I have just spent the past 5 hours fiddling with Ubuntu 10.04, ATI X1300 FOSS OpenGL drivers and VMware Player 3.1.0 build 261024.
All I wanted was to launch a Windows XP SP3 VM, run the damn dxdiag and smile like an idiot at the spinning cube test. It was not possible.
The errors “Required extension GL_EXT_framebuffer_object is missing” or “Required extension GL_EXT_texture_compression_s3tc is missing” in vmware.log clearly mean that in order to enable 3D acceleration VMware needs the following OpenGL extensions enabled:
Ubuntu Lucid Lynx comes with Mesa3D (or libgl1-mesa-glx if you prefer) 7.7.1 that is supposed to expose both extensions, but I was not that lucky.
Asking Google I was able to enable the second extension: just install driconf (sudo apt-get install driconf), launch it from System/Preferences/3D Acceleration and force “S3TC Texture Compression …” under the “Image Quality” tab to “yes”.
In order to enable/expose GL_EXT_framebuffer_object, I tried to install libgl1-mesa-swx11 and I was happy to see the extension appearing in glxinfo’s output. Unfortunately I did not realise that this is a software rendered, therefore I was missing DRI and the ability to enable S3 Texture Compression.
So I have decided to try the new Gallium 3D drivers 0.4 R300g. After fiddling with PPAs, installing a ton of updates and rebooting (re-enabling modeset in grub) I had GL_EXT_framebuffer_object back, but I was not able to use driconf anymore (hell yeah).
According to Gallium’s support forum at the moment it is not possible to enable S3TC at will, maybe in the next months it will be possible (but there are some patent issues) but for now you just can’t.
Then it came to my mind the reason why I did disable kernel mode set in the first place…
The combination of Radeon X1300, Intel 3945abg and mode setting is bad, because it leads to frequent disconnections (probably because of an IRQ conflict, but it is not clear if it is confirmed or not).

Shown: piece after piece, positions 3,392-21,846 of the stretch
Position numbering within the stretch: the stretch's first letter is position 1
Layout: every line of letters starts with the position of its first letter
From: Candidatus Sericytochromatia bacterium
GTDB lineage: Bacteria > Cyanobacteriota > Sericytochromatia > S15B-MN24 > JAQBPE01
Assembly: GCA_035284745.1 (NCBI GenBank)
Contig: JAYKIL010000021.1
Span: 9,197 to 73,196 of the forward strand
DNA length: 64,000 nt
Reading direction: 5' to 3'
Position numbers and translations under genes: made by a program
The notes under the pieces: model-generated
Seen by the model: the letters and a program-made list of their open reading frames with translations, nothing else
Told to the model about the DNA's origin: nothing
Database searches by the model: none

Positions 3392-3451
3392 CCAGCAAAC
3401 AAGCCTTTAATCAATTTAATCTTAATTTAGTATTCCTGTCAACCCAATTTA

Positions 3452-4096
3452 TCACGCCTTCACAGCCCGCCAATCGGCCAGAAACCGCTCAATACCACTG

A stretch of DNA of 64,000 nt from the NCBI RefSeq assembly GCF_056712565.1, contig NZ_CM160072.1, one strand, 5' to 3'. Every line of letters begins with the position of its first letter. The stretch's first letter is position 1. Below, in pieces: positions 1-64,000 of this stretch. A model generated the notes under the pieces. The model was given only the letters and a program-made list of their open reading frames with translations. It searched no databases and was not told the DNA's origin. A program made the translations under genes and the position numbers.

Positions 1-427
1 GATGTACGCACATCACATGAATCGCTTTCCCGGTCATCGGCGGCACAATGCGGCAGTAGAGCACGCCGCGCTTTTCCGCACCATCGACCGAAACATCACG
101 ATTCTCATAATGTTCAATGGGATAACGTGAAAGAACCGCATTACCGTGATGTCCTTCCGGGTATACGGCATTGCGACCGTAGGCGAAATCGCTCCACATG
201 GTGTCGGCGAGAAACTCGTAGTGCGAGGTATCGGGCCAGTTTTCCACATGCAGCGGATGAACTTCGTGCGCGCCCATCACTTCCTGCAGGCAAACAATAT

Luckily enough there is a workaround: just set in grub’s configuration the kernel parameter “radeon.modeset=0” and the disconnections will be gone forever. Together with GL_EXT_framebuffer_object, yeah!!!
Anyway I did a rollback towards the original Mesa 7.7.1 drivers, keeping kernel mode setting enabled and using driconf to enable S3 Texture Compression.
After 5 hours I had everything VMware needed to run with 3D acceleration turned on.
I was happy for 5 or 6 minutes top, just the time to realise that dxdiag was crashing (even during the directdraw tests) with VMware Player just exiting in a POOF. I tried to limit the virtual SVGA memory and to disable its off-screen memory, without luck: the bastard still crashes.
Funny thing is that I can smile at the spinning cube test on my Mac thanks to its craptastic Intel GMA950.
Maybe I will be able to do it using Linux in a couple of years if and when Gallium3D/VMware player will show some improvements.
Some more info about fixing DirectDraw.
If the full screen DirectDraw testing is failing on you (with or without 3D acceleration enabled) either with VMware crashing or DXdiag throwing the following:
DirectDraw test results: Failure at step 20 (Colorfill to back buffer): HRESULT = 0x887601c2 (error code)
Insert in the virtual machine .vmx definition file this string:
svga.noOffscreen = “TRUE”
It will slow things down, but your VM/application should not crash anymore when handling DirectDraw.
If you are wondering I am running:
– Ubuntu 10.04 with kernel 2.6.32-24-generic
– ATI Radeon X1300 with Mesa 3D 7.7.1 (libgl1-mesa-glx 7.7.1-1ubuntu3)
– X 2:1.7.6-2ubuntu7.3
About VMware crashing with Direct3D, it could be a bug related to DRI that should be fixed with kernel 2.6.34-something. I will post an update as soon the kernel gets pushed into the repository.
No joy with Fedora 13 (Kernel 188.8.131.52-147.2.4.fc13.i686, X 1.8.2-3.fc13, Mesa 3D 7.8.1)
No joy with Ubuntu 10.10 alpha 3